Really, if you want to be a network administrator, find a job and start getting IT experience. No one walks out of college into a network administration job. Your four year degree will land you on the help desk, or maybe mid-level support with all the other guys who have no practical experience. You've got to cut your teeth, and the sooner you can do it, the better. Most colleges won't let you intern until you're at least a Jr, or Sr, so don't wait. Go work at Bob’s house of computers, whatever - start now, and when you graduate, you'll have a degree and a few years of OTJ exp.
    Oh I know - When I went to an open house at Altoona I talked with a teacher about interships and honestly why not, stuff only gets you ahead of the rest of em. :)

    Mmmm... Cocks... on
  • blincolnblincoln Registered User regular
    edited April 2007
    PirateJon wrote: »
    "Management Information Systems" as any job after the first 5 years will almost require some management-type stuff.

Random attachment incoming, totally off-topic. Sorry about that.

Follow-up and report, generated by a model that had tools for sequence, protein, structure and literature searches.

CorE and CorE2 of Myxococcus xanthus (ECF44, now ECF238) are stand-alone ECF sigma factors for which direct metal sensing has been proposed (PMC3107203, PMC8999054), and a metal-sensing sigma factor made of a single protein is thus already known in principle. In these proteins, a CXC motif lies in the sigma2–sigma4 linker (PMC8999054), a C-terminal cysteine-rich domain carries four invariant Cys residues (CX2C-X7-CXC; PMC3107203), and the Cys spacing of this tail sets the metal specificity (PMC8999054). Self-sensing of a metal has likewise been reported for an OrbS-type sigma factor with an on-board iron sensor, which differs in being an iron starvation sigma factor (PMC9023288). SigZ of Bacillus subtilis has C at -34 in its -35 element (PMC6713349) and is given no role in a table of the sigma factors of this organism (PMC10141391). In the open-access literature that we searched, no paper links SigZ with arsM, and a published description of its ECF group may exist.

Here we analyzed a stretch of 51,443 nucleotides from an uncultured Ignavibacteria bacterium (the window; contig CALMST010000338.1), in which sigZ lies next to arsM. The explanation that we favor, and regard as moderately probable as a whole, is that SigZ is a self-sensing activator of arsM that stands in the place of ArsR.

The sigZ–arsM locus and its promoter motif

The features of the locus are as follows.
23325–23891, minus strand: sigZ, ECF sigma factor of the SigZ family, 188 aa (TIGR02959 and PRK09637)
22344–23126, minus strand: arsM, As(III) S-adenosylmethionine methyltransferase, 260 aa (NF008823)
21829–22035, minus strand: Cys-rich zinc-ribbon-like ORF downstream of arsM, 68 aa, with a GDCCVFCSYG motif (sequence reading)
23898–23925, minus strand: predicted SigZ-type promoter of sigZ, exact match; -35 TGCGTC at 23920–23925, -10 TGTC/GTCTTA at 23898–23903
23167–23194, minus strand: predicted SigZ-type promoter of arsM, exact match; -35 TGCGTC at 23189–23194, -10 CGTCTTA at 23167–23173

Maybe. The usage of the term I've heard is at older shops and means the same thing as plain old "Information Systems" or even "Information Technology".
    3lwap0 wrote: »
    As a network admin, I can tell you some classes will be worthless. Anything programming won't do you much good, but may broaden your educational horizons. The only notable exception is VB, since scripting is a great skill to have.

    Programming is good for anyone in IT/IS to know, because it makes you more familiar with how things happen at a lower level. It can also come in handy for writing utilities. But yes, not so much a requirement as a really good thing to have.

    blincoln on
    Legacy of Kain: The Lost Worlds
    http://www.thelostworlds.net/
  • FristleFristle Registered User regular
    edited April 2007